FedNow is a new faster payments service for America. It’s been developing for years, and will go live in 2023 and yet, in conversation with an American friend, only 1 in 10 banks are ready for this. Why?
Well, the issue lies in change. Fast change or slow change? In fact, a friend recently resigned from being a bank teller because there was so much change (ed: there’s a joke in there).
The challenge for many banks, particularly when talking with smaller US banks and credit unions, is that the structure for enabling real-time payments involves systems change. In order to make systems, or systemic, changes creates risk and cost which, if avoidable, will be avoided. It is the reason why most banks have never upgraded or changed their back office systems. It creates risk and cost.
We know this but, at the same time, what does this mean if we cannot respond to change? We see the Fintech world take off, and thousands of start-up innovators around the world, and we sit back and do nothing? Of course not. We try to change. Obviously, the start-up has the advantage of zero legacy, so they can change things fast, but banks can change and some are. In fact, some are changing dramatically.
Just look at JPMorgan Chase. Jamie Dimon has doubled-down on tech investments, so much so that this year they’re spending $12 billion on technology. Half is on keeping the lights on and half on innovation. That’s $6 billion on new things. That’s significant, when you think that most start-ups struggle to raise millions.
And JPMC is not alone. Most big banks are spending billions on innovation, and most medium-sized banks are too.
The problem is that innovation is not about budget, but about ideas and execution. So many large banks that I meet treat innovation as a project or program or feature. They create a function, a Chief Digital Officer, and give that person and function a budget. They delegate the future. The issue is that you cannot do this. Digitalisation is not a project or function with a budget. It is a fundamental change of culture and thinking.
In fact, it’s funny how often I have this conversation, as “transformation” is nothing to do with technology. It is all about mindset and thinking and culture. This is why you cannot delegate it to be a project or program. It is a reinvention of the bank to be truly digital from the ground-up.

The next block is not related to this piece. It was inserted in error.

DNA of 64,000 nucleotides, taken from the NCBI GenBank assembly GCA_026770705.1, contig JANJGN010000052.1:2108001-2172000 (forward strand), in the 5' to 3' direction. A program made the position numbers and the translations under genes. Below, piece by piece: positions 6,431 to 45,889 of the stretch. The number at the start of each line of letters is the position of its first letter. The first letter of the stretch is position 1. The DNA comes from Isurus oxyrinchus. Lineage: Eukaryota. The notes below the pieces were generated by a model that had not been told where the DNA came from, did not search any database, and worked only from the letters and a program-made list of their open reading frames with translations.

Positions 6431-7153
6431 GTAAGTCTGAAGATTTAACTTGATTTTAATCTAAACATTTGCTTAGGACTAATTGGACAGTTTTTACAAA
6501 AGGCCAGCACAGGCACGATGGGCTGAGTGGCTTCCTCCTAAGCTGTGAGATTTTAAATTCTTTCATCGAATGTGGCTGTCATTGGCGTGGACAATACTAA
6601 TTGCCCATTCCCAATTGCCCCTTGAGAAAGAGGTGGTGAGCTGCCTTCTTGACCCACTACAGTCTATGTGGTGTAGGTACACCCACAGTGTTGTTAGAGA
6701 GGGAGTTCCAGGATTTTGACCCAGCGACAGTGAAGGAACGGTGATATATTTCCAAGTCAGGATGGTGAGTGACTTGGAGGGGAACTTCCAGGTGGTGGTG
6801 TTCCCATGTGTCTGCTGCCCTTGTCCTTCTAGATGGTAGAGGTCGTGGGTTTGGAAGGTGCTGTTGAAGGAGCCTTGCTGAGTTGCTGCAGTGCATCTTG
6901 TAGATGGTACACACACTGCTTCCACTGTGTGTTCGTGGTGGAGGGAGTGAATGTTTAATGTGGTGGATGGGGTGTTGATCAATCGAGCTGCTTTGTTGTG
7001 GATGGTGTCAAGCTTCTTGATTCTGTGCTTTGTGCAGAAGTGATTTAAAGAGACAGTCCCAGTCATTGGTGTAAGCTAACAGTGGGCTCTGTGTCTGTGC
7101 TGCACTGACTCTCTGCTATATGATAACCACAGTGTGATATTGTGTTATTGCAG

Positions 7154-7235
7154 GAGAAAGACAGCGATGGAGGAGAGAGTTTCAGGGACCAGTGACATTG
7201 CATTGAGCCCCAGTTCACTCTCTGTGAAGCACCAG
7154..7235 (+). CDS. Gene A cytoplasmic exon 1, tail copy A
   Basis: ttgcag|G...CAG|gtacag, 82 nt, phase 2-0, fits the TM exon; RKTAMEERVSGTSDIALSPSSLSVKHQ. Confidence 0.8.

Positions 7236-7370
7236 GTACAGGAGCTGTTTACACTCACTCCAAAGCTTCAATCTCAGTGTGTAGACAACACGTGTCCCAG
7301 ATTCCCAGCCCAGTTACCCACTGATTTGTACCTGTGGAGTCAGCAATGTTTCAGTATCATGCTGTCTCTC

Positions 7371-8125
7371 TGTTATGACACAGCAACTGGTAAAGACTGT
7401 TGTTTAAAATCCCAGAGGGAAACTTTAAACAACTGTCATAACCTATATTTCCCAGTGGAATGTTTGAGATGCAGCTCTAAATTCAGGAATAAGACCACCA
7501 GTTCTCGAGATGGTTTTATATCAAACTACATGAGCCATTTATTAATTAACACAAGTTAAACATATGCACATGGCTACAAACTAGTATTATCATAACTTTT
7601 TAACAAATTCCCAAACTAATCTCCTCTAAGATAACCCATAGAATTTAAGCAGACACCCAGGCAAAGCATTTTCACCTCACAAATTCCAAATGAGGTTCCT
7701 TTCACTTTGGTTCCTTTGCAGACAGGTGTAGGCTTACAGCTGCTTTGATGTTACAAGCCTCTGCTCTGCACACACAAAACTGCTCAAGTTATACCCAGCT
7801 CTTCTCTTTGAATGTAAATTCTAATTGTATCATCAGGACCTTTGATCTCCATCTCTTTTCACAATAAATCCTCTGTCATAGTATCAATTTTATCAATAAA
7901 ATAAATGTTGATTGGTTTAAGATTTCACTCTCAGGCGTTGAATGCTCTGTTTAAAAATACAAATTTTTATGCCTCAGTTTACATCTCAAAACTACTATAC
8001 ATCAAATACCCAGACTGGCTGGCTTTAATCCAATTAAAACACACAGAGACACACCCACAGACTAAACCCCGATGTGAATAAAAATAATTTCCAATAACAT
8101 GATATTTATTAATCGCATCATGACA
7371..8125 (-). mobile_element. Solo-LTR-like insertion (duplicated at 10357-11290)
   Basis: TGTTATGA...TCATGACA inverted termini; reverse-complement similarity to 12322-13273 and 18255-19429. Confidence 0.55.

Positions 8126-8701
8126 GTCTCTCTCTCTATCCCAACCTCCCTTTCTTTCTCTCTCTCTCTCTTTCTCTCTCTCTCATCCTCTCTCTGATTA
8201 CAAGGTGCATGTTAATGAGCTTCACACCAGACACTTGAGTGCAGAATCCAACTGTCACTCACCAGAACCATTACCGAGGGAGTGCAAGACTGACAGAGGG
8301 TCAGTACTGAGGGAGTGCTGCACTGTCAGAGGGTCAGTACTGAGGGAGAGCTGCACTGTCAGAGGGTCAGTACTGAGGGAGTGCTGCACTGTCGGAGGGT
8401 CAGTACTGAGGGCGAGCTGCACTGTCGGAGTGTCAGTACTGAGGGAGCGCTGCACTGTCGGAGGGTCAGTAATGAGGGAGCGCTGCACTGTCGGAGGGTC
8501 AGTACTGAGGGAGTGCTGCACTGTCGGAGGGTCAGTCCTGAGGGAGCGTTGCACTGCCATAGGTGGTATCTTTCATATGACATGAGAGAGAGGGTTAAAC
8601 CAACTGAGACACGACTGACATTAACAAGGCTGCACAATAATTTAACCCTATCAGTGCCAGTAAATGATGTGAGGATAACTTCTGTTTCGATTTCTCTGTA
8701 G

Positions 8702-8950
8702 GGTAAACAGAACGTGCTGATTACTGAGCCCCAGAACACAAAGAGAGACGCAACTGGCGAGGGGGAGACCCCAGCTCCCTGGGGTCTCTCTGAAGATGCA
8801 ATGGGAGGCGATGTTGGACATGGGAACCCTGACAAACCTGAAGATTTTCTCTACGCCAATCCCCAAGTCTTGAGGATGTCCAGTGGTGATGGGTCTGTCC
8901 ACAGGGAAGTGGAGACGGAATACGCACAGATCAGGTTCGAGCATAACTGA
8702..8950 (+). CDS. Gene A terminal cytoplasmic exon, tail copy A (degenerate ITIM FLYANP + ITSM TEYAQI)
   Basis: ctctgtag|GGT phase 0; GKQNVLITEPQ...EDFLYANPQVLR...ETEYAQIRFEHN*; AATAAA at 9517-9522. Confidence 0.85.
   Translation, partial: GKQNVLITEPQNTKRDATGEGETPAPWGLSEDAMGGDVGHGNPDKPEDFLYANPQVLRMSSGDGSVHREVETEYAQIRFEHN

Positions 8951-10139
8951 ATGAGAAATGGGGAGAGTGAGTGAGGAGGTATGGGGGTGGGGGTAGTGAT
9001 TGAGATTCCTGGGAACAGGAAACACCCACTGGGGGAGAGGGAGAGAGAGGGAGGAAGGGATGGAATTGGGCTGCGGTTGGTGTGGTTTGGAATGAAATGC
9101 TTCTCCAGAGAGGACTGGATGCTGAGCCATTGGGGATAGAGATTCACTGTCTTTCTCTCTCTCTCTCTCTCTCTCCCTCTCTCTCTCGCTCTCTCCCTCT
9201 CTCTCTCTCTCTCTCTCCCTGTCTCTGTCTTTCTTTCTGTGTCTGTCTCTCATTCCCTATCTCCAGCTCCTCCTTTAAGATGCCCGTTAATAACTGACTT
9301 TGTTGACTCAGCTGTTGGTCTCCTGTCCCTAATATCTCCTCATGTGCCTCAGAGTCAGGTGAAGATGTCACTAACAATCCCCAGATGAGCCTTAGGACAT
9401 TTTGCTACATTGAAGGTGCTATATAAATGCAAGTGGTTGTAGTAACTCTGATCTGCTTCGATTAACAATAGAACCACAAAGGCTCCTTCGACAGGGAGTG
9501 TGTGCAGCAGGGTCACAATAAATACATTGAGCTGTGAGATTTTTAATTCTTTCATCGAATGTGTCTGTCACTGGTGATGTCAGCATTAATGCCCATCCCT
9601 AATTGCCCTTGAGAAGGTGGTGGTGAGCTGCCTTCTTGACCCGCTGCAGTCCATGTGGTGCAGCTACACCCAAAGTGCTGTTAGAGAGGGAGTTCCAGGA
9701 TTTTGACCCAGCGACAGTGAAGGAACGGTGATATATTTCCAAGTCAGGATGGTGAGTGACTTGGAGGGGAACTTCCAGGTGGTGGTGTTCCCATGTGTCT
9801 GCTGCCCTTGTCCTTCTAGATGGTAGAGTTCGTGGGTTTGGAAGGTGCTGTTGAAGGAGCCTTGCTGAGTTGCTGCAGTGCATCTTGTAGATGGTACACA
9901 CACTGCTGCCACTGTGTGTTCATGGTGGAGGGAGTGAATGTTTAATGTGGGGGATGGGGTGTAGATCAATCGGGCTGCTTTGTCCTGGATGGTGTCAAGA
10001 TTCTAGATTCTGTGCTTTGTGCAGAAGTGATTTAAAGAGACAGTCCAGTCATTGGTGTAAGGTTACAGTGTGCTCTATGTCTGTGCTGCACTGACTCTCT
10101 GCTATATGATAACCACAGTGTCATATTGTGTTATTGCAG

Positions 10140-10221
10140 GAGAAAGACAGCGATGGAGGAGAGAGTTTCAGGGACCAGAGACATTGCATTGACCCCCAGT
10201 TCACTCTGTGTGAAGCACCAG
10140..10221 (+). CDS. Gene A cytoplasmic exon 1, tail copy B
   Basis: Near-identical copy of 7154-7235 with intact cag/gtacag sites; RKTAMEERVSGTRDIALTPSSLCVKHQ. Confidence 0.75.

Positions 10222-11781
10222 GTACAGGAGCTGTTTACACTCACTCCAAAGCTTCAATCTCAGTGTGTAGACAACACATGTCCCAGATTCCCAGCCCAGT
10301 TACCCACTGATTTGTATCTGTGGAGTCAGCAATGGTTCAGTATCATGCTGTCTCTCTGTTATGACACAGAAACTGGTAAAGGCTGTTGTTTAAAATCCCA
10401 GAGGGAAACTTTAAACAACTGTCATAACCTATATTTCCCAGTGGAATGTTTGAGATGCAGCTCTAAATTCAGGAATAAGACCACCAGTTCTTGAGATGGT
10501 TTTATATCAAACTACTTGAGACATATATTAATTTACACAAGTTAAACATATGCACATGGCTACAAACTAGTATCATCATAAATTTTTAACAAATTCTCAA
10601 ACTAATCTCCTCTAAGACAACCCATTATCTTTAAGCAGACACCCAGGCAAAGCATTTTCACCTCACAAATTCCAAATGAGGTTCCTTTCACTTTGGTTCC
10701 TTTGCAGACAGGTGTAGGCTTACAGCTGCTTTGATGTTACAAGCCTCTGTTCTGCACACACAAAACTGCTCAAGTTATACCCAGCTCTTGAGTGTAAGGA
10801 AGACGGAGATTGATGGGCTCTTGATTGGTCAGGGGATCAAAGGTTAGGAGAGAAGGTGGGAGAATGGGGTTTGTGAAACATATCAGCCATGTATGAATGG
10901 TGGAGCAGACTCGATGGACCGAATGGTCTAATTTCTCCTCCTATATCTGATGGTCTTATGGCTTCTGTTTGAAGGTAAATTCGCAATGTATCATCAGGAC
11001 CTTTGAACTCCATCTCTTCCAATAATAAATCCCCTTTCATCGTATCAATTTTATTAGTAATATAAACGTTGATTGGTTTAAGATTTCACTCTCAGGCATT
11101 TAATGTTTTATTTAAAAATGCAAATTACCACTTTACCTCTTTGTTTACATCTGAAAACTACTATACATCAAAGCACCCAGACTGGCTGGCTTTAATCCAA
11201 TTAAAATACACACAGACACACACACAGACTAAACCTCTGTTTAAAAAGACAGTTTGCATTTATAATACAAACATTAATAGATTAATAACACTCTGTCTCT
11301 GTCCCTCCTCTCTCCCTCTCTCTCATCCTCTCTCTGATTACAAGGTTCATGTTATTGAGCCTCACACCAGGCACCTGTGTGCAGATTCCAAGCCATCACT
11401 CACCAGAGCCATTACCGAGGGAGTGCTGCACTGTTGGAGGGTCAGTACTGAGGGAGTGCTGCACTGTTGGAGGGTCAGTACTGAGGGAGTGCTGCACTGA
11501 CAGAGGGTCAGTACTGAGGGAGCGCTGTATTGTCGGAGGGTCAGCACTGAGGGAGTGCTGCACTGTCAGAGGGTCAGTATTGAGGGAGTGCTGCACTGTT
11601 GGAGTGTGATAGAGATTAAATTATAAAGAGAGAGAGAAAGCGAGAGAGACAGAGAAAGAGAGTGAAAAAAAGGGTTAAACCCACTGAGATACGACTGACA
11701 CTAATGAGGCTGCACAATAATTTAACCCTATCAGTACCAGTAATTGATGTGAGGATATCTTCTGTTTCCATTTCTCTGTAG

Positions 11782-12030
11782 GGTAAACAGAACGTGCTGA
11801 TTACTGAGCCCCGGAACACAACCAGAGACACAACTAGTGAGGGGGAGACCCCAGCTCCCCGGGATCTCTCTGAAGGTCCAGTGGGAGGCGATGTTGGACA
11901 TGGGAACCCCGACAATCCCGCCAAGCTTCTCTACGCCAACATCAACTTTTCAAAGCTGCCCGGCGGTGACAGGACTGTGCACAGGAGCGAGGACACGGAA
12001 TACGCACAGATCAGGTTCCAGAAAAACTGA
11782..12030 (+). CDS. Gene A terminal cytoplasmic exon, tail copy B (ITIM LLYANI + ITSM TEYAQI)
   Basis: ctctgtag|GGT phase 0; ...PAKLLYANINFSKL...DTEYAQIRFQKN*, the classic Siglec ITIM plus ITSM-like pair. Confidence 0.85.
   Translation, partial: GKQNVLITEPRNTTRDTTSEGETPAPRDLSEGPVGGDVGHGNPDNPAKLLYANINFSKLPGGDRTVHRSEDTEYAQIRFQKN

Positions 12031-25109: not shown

The challenge is not easy however, as most banks are born physical. Being born physical, digital was added on top, and then cemented in place over the years because of core systems that are hard to adapt. Most firms overcame this issue by using middleware and apps to make it look like the back office core system worked, but that sticking plaster is no longer good enough. The bank needs to be built as born digital, with data at the core in the cloud, and APIs (Application Program Interfaces) connected the cloud core to the smart apps in the front office.
But, coming back to the main tenet of this perspective, the bank needs to be able to adapt fast and real-time and have a culture of digital at the core. The whole organisation needs to understand that digital is all about structure and operations that are supported by software and servers, rather than the traditional way of running the business with buildings and humans, with software and servers on-top.
This is why, when I saw the news about FedNow and only 1 in 10 American banks being ready, I knew that we still have a long way to go. Digital change needs to be overnight, not over days, months and years. If you don’t get this, then you will be left behind and, more importantly, you will realise you leadership is deficient because they don’t understand digital is a mindset and not a project.
Chris M Skinner
Chris Skinner is best known as an independent commentator on the financial markets through his blog, TheFinanser.com, as author of the bestselling book Digital Bank, and Chair of the European networking forum the Financial Services Club. He has been voted one of the most influential people in banking by The Financial Brand (as well as one of the best blogs), a FinTech Titan (Next Bank), one of the Fintech Leaders you need to follow (City AM, Deluxe and Jax Finance), as well as one of the Top 40 most influential people in financial technology by the Wall Street Journal's Financial News. To learn more click here...